1786. The cost-effectiveness of hepatitis C screening strategies among adolescents and young adults in primary care settings
Session: Oral Abstract Session: HCV Advances
Saturday, October 29, 2016: 10:43 AM
Room: 388-390

Background: High hepatitis C virus (HCV) case rates have been reported in young people who inject drugs (PWID). The current Centers for Disease Control and Prevention (CDC) guidelines recommend risk-based HCV screening for this group. We evaluated the clinical benefit and cost-effectiveness of screening strategies among youth seen in community health centers in neighborhoods with a high number of reported HCV cases.

Methods: We developed a decision analytic model to project quality-adjusted life years (QALYs), lifetime costs (2014 US $), and incremental cost-effectiveness ratios (ICER) associated with nine screening strategies among 15- to 30-year-olds. The strategies differed in three ways: 1. Rapid fingerstick vs. venipuncture diagnostics; 2. Ordered by physician vs. counselor/tester using standing orders; 3.Targeted vs. universal testing. All rapid testing results were available during the visit. We performed deterministic and probabilistic sensitivity analyses (PSA) to evaluate model uncertainty. Outcomes were discounted at 3% annually.

Results: Compared to risk-based testing (current standard of care), universal screening increased lifetime medical cost by $50 and discounted QALYs by 0.0031. Across all nine strategies rapid testing provided higher QALYs at a lower cost per QALY gained, and it was always the preferred approach. Targeted rapid screening performed by a counselor expanded QALYs by 0.001 and was associated with $13,200/QALY gained. In comparison, counselor-performed universal rapid testing provided greater QALYs with a cost of $24,600/QALY gained. In univariate sensitivity analyses, counselor-performed universal rapid testing was the optimal strategy unless the prevalence of PWID was < 0.16%, the HCV prevalence was < 5% among young PWID, or the lifetime re-infection rate was > 95% (assuming potential for one-time re-treatment). In PSA, universal rapid testing was the optimal strategy in 99% of simulations at a willingness-to-pay threshold of $100,000/QALY.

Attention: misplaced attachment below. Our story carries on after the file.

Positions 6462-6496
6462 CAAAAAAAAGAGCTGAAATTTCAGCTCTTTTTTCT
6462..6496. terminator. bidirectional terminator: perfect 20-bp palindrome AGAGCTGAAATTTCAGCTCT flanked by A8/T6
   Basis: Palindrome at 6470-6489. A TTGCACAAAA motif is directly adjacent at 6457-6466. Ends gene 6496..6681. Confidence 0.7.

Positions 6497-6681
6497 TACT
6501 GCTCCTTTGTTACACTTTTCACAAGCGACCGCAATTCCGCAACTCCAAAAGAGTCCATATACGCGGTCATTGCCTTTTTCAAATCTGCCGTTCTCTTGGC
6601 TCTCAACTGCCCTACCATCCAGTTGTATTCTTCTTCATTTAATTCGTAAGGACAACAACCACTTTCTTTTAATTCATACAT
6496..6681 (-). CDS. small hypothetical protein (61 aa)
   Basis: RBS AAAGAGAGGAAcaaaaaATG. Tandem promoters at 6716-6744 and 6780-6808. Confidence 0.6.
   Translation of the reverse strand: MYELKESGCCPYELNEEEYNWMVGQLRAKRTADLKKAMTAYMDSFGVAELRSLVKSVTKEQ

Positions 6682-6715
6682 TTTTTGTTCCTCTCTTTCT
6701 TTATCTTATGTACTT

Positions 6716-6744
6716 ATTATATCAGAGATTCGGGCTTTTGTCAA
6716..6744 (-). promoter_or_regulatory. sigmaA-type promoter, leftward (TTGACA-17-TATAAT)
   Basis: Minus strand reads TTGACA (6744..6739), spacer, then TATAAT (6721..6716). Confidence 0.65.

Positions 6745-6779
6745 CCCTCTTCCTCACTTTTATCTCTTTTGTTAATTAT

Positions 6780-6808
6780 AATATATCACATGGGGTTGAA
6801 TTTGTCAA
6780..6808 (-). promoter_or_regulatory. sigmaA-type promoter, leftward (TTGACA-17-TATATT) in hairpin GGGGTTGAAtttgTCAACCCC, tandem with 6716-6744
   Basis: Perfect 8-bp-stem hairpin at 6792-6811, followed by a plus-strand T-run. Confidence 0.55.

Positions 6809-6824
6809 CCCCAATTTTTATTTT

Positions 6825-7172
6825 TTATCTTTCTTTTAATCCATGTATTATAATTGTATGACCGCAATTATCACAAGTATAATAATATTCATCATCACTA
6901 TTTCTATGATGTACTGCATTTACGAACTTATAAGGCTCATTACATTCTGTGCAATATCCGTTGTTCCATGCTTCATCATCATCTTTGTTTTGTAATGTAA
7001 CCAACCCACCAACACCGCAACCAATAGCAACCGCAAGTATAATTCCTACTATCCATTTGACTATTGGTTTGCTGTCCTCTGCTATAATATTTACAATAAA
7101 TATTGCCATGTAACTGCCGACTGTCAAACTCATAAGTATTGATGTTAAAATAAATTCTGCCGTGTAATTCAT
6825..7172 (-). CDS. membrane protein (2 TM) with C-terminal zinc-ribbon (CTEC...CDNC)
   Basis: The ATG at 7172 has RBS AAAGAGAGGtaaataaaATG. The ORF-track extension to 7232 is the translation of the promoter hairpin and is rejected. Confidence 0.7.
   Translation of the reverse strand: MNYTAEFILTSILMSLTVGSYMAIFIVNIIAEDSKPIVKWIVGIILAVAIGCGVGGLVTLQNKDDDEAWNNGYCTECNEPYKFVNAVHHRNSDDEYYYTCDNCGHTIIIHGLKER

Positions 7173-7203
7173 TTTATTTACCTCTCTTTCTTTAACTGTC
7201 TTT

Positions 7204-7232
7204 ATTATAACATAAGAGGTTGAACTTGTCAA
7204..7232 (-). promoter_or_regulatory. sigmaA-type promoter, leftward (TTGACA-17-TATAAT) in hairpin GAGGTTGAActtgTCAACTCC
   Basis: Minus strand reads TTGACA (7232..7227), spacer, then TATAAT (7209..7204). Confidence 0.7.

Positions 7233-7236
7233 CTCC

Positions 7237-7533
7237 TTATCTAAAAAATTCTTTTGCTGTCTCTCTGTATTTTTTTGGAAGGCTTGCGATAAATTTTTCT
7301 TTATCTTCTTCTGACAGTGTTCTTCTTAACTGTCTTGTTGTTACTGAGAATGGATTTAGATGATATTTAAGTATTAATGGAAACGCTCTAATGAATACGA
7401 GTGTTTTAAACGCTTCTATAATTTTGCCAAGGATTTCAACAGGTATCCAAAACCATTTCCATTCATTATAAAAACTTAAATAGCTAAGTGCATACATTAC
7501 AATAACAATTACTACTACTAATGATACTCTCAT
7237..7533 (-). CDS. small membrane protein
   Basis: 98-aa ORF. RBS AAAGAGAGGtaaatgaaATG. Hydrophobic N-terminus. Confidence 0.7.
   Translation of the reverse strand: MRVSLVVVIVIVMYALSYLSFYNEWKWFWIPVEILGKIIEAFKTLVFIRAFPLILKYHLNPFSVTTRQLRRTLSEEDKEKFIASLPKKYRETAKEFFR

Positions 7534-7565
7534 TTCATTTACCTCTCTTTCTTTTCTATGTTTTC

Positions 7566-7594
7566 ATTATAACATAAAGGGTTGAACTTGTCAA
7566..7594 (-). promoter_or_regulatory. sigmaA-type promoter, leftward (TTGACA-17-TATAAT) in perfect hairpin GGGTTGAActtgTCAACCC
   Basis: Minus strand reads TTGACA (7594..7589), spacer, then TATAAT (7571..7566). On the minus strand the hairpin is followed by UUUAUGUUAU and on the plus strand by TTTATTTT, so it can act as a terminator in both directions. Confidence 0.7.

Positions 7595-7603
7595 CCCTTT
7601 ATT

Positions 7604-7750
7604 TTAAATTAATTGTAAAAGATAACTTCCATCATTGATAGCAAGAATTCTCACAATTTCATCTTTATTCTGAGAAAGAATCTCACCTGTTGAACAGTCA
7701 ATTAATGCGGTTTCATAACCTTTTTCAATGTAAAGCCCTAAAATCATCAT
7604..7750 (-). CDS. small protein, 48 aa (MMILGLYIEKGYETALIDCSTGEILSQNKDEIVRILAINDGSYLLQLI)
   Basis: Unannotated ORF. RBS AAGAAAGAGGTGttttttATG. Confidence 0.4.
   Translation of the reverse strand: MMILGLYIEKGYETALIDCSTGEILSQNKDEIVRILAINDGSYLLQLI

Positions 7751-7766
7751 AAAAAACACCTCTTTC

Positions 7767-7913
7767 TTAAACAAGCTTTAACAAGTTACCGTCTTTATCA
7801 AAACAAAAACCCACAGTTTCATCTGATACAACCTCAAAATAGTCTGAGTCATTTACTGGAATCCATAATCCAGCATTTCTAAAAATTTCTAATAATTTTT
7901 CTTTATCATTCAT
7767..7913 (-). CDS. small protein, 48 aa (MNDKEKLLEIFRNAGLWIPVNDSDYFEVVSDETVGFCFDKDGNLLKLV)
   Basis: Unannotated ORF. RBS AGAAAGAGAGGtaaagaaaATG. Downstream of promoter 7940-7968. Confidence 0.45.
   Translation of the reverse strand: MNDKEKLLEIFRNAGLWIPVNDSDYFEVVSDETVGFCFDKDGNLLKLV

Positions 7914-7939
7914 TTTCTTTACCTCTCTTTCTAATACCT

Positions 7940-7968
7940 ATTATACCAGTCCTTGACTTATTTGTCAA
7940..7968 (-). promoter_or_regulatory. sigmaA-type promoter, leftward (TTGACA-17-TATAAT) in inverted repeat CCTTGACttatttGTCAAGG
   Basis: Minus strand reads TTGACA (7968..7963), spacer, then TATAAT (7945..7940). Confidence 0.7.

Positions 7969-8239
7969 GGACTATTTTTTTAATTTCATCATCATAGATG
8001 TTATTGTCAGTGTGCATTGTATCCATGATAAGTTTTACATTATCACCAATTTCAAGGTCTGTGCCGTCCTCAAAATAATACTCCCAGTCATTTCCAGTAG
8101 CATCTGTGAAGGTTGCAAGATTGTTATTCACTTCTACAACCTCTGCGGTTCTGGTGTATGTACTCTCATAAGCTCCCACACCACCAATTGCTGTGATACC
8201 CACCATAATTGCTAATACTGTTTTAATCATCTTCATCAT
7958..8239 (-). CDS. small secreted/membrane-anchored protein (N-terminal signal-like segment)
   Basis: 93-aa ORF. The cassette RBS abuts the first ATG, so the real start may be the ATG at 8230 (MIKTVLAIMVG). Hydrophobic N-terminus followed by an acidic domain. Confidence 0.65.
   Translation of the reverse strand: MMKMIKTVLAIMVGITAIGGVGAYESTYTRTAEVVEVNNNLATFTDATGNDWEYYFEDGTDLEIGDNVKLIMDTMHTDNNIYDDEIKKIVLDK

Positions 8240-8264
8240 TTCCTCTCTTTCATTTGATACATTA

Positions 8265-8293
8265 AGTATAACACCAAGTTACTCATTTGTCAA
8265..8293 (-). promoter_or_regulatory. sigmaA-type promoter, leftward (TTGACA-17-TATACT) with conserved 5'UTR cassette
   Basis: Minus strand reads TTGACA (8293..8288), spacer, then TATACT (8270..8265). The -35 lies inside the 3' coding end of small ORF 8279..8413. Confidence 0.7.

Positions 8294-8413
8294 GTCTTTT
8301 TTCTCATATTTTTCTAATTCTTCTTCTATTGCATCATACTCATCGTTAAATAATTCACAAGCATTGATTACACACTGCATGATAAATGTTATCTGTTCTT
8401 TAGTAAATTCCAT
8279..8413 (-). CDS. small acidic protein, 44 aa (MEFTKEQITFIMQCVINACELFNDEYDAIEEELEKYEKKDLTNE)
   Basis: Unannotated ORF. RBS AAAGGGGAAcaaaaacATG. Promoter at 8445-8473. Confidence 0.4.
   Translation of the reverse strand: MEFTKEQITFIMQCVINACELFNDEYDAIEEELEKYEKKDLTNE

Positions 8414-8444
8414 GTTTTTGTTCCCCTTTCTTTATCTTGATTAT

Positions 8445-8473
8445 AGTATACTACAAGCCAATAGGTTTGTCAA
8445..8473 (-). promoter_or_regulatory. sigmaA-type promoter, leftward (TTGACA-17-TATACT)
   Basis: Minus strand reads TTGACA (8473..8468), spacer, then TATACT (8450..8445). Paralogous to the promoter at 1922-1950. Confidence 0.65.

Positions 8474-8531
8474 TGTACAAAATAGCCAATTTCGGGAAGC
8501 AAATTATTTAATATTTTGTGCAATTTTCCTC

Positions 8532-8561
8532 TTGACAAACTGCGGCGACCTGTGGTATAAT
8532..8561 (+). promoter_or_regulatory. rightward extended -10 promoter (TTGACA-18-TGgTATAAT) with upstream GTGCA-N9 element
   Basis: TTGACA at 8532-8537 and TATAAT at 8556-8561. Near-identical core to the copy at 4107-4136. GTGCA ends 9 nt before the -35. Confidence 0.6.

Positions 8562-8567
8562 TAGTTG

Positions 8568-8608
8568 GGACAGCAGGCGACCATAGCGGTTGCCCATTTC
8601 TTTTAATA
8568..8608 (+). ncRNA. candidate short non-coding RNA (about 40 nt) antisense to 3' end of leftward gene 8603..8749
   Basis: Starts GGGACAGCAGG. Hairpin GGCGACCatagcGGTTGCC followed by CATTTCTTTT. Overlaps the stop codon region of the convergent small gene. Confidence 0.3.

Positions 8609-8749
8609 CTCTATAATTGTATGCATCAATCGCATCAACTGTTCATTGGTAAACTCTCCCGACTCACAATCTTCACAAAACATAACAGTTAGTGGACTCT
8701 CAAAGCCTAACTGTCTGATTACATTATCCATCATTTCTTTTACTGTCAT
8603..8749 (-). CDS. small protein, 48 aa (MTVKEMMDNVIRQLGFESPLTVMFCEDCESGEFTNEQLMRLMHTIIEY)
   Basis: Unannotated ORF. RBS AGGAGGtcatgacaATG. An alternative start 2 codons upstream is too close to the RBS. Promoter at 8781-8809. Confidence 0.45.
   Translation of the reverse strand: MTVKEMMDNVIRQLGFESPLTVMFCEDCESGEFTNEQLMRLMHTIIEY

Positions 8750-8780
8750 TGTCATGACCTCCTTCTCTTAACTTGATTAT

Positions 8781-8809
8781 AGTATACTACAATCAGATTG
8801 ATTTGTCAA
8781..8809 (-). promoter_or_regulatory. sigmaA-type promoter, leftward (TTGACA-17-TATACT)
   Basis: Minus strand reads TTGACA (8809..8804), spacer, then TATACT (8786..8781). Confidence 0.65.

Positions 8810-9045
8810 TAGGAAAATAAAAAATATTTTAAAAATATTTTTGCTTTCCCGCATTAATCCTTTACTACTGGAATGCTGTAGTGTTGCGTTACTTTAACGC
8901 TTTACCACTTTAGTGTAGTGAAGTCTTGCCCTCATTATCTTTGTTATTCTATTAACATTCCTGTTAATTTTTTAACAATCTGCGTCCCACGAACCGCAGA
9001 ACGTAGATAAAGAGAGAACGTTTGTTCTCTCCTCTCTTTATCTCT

Conclusion: Our results suggest that one-time universal HCV screening among 15- to 30-year-olds using rapid testing may be a cost-effective strategy to address HCV in neighborhoods with a high number reported HCV cases.

Sabrina Assoumou, MD, MPH1, Abriana Tasillo, BA2, Jared a. Leff, MS3, Bruce R. Shackman, PhD4, Mari-Lynn Drainoni, MEd, PhD5,6,7, C. Robert Horsburgh, MD MUS8, Anita Barry, MD, MPH9, Craig Regis, MPH9, Arthur Kim, MD, FIDSA10,11, Alison Marshall, RN, MSN, FNP-C12, Sheel Saxena, MD13 and Benjamin Linas, MD, MPH14, (1)Internal Medicine, Boston University School of Medicine, Boston, MA, (2)HIV Epidemiology & Outcomes Unit, Section of Infectious Diseases, Boston Medical Center, Boston, MA, (3)Weill Cornell Medical College, New York, NY, (4)Department of Healthcare Policy & Research, Weill Cornell Medical College, New York, NY, (5)Boston University School of Medicine, Boston, MA, (6)Boston University School of Public Health, Boston, MA, (7)Edith Nourse Rogers Memorial Veterans Hospital, Bedford, MA, (8)Department of Epidemiology, Boston University School of Public Health, Boston, MA, (9)Infectious Diseases Bureau, Boston Public Health Commission, Boston, MA, (10)Medicine, Harvard Medical School, Boston, MA, (11)Infectious Diseases, Massachusetts General Hospital, Boston, MA, (12)Boston College Connell School of Nursing, Chestnut Hill, MA, (13)South Boston Community Health Center, Boston, MA, (14)Internal Medicine, Section of Infectious Disease, Boston Medical Center, Boston University School of Medicine, Boston, MA

Disclosures:

S. Assoumou, None

A. Tasillo, None

J. A. Leff, None

B. R. Shackman, None

M. L. Drainoni, None

C. R. Horsburgh, None

A. Barry, None

C. Regis, None

A. Kim, None

A. Marshall, None

S. Saxena, None

B. Linas, None

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